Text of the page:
A recent medical study by researchers from Harvard Medical School; Boston University School of Medicine; the University of California, Davis at Sacramento; UT Health San Antonio and the National Heart, Lung and Blood Institute has produced some interesting conclusions. The team of researchers discovered correlations between cortisol, cognitive function and the structure of the brain.
The goal of the study was to assess the association of early morning serum cortisol with cognitive performance and brain structural integrity in community-dwelling young and middle-aged adults without dementia.
The research methods evaluated dementia-free members of the Framingham Heart Study participants. This long-term study of cardiovascular disease (CVD) first began in 1948. By 2018, healthcare professionals were able to study the grandchildren of the original 1948 cohort. This third generation of participants from the ongoing Framingham Heart Study were middle-aged with a mean age of 48.5 years. In regards to gender, 53.2 percent of the participants were women, while 46.8 percent were men.
The participants underwent cognitive testing for memory, abstract reasoning, visual perception, attention and executive function. MRI imaging of the brain was used in order to measure total white matter, lobar gray matter, white matter hyperintensity volumes and fractional anisotropy measures. In other words, the participants’ cortisol levels were measured and correlated with their performance on tests of memory and cognition, as well as their brain volume via MRI.
Researchers used linear and logistic regression to assess the relations of cortisol to measures of cognition, MRI volumes, the existence of silent brain infarcts and cerebral microbleeds. Additional factors included the voxel-based microstructural white matter integrity and gray matter density in the individual’s brain. Once the final results were adjusted for age, sex and other factors – some interesting results were found.
The research team discovered that people who had higher levels of cortisol also had reduced volume in their frontal and occipital (back-most) lobes of the brain. There were changes in white brain matter which could indicate reduced neuron connectivity. This same group of people with higher cortisol levels also performed worse on tests that required memory and recall. These test included task such as recreating a shape that had been presented to them or being asked to recall a story after a 20-minute break.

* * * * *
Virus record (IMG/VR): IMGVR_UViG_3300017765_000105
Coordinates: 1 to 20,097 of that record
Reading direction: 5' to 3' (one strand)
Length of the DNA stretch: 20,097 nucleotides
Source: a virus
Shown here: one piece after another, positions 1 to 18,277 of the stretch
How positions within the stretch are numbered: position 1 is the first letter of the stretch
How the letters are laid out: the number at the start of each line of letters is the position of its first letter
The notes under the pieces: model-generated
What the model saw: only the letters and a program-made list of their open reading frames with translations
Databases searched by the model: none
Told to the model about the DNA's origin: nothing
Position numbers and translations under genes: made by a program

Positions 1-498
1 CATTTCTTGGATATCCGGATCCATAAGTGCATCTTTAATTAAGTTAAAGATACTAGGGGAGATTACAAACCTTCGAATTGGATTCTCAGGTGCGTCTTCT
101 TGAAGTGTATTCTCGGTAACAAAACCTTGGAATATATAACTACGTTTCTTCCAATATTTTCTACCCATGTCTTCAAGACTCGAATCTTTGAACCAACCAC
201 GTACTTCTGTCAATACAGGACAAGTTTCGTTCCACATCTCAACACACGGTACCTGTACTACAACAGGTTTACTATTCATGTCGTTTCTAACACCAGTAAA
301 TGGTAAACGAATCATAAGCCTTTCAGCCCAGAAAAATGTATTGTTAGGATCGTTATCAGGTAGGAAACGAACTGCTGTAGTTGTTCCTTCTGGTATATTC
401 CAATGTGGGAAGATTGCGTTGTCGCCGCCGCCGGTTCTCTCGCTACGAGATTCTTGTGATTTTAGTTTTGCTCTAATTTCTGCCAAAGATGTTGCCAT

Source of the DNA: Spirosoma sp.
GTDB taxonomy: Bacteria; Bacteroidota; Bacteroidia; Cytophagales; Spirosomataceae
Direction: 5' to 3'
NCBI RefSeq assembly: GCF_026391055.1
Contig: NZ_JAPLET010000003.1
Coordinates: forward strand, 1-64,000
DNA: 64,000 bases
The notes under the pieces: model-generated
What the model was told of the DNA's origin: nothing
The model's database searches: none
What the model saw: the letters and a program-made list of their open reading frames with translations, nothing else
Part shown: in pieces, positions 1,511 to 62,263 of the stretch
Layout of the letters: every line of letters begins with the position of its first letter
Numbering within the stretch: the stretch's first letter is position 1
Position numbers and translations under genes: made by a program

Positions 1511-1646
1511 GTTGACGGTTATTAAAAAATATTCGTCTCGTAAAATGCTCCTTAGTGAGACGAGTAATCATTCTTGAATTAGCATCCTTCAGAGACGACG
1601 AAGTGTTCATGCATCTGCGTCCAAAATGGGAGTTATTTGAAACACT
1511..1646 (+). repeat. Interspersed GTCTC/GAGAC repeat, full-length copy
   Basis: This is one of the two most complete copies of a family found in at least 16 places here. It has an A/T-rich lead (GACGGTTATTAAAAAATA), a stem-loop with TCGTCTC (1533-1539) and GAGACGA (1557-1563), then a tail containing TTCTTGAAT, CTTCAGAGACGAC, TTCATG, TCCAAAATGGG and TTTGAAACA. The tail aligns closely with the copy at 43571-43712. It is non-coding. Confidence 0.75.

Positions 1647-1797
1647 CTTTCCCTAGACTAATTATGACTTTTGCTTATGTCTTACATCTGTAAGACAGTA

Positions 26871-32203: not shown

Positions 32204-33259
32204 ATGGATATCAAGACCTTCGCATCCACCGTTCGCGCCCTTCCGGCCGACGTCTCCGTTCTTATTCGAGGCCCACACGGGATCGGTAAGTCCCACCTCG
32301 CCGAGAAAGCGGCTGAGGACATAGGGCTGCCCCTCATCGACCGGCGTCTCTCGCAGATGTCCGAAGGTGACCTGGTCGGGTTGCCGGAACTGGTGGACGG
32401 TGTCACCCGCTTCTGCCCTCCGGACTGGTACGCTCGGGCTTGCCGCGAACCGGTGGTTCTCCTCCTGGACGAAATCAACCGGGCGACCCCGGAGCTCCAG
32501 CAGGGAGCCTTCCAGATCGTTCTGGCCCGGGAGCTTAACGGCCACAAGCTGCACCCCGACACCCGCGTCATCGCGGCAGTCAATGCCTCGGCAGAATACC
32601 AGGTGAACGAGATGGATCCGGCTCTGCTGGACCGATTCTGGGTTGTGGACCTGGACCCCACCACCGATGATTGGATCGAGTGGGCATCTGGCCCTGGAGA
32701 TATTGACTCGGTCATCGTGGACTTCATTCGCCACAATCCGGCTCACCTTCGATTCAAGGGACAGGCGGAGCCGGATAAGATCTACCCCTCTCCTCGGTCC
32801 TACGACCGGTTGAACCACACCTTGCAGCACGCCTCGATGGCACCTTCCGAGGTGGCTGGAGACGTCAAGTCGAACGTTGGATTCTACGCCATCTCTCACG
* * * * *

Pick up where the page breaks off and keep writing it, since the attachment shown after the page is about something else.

Higher serum cortisol levels were associated with lower brain volumes and impaired memory in middle-aged adults, with the association being evident particularly in women. However, it is not clear as to whether this is because women are under more stress, or are more susceptible to the effects of stress.
Earlier research had discovered a link between stress and overall brain health. For many years it was known that chronic stress can damage the brain’s structure and connectivity. Previous studies by neuroscientists at the University of California, Berkeley, have found that chronic stress triggers long-term changes in brain structure and function. Their findings might explain why young people who are exposed to chronic stress early in life are prone to mental problems such as anxiety and mood disorders later in life, as well as learning difficulties. However, not all stress is negative.
Acute and prolonged stress is hard on an individual’s developing brain. However, there is such a thing as moderate or good stress that can encourage the brain to build stronger and more resilient neurological connections. The structure of the brain is constantly undergoing changes through neuroplasticity. This means that mindset, behavior and chronic stress are never at a fixed point. This means that the human brain is able to change function and structure. A fact that was displayed in a 2012 study from Dartmouth College that demonstrated that the adult brain is resilient and can change for the better.
Given what researchers now know about cortisol and the effects of chronic stress on the brain, the results from the Framingham Heart Study participants is not surprising. Basically, being stressed out makes it harder for a person to think efficiently. It is only logical that chronic stress over the long-term might create small brain changes that over time develop into measurable changes.
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Brain Stress, Cortisol, Behavioral Health, Framingham Heart Study